Aims: During the adipocyte differentiation, some intracellular organelles are degraded and instead lipid droplets are gradually accumulated in the cytoplasm for energy storage. Autophagy, a self-eating process, has been implicated in the removal of intracellular components in adipogenesis, but its mechanism is poorly understood. In this work we examined how α-lipoic acid modulates the autophagic process during the adipocyte differentiation.
Main methods: 3T3-L1 pre-adipocytes were differentiated in the medium containing insulin, dexamethasone, and 1-methyl-3-isobutylxanthine. Lipid contents in adipocytes were determined by Oil-Red O staining. Autophagy was evaluated by Western blotting, accumulation of acidic vacuoles in cells.
Key findings: We observed that formation of LC3-II, an indicative marker for autophagy, was greatly down-regulated at the beginning stage of differentiation, but it was gradually increased with respect to earlier differentiation time. In addition, ATG5-12 conjugates were similarly produced, and acidic autophagic vacuoles were greatly elevated at the earlier stages of differentiation. Furthermore, α-lipoic acid deteriorated the intracellular accumulation of lipid droplets by blocking the production of acidic autophagic vacuoles, LC3-II, and other autophagy-related proteins during the adipocyte differentiation and influenced expression of adipocyte-stimulating factors. It also specifically suppressed activation of AMPK, an essential modulator for autophagy, at the earlier step of adipocyte differentiation.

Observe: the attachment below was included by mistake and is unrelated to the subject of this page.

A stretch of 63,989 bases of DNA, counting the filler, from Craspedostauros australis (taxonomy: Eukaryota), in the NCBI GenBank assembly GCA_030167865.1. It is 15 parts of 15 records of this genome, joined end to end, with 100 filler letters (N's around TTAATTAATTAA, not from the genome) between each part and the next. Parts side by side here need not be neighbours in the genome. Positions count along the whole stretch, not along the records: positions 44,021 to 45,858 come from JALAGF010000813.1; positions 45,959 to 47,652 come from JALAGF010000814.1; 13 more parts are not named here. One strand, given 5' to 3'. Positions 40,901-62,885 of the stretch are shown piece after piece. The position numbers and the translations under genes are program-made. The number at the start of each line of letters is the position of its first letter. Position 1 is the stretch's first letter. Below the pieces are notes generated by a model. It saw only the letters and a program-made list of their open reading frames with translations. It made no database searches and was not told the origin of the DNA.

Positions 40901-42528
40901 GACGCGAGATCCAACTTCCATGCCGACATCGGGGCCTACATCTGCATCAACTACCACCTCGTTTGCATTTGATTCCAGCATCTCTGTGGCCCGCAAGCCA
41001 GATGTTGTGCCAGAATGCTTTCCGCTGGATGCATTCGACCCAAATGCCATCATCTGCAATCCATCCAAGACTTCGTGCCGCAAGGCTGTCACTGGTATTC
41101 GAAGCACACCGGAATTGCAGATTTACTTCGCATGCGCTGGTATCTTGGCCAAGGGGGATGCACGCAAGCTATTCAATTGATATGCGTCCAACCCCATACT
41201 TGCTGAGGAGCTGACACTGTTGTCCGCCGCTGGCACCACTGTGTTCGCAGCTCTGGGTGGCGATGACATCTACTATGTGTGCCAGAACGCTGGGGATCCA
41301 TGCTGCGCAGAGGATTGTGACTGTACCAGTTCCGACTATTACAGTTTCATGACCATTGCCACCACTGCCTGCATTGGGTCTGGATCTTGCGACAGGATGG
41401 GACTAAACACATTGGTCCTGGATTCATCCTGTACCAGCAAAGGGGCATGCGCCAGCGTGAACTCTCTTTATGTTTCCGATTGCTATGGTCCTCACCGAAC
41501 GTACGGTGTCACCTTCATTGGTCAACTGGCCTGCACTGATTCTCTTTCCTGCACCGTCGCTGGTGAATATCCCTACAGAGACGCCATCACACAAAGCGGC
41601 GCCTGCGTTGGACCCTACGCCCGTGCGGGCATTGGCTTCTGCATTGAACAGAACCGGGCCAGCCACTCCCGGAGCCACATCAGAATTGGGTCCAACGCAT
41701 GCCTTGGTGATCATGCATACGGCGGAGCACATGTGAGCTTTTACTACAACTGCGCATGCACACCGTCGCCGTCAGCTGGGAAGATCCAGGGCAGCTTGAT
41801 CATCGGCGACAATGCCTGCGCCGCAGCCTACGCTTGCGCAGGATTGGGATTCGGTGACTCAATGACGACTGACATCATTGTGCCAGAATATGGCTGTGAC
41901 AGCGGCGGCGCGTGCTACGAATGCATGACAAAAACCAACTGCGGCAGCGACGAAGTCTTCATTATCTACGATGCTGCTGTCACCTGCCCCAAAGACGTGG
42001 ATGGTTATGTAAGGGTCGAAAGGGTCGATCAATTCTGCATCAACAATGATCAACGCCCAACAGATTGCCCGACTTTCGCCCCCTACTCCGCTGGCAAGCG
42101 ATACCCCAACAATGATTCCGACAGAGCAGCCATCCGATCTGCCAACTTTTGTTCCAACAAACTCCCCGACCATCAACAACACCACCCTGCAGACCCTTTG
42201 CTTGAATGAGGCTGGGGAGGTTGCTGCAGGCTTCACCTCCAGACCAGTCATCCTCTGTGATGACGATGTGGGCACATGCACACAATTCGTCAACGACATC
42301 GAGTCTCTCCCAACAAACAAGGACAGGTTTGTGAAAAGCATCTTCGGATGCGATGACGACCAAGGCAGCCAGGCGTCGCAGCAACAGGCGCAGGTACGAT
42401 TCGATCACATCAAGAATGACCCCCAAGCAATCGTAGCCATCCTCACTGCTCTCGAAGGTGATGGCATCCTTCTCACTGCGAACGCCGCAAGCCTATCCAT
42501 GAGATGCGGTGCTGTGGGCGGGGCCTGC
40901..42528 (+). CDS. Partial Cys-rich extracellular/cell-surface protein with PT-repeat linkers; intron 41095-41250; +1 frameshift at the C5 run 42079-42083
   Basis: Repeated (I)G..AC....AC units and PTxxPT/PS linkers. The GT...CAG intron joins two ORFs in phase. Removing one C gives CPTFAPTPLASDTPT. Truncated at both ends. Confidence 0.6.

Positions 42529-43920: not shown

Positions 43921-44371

Significance: These data suggest that α-lipoic acid significantly attenuates adipocyte differentiation via the direct modulation of intracellular degradation process and consequently decrease intracellular fat deposit of adipocytes.
Keywords: AMPK; Adipocyte differentiation; Autophagy; LC3-II; Lipid droplets; α-Lipoic acid.
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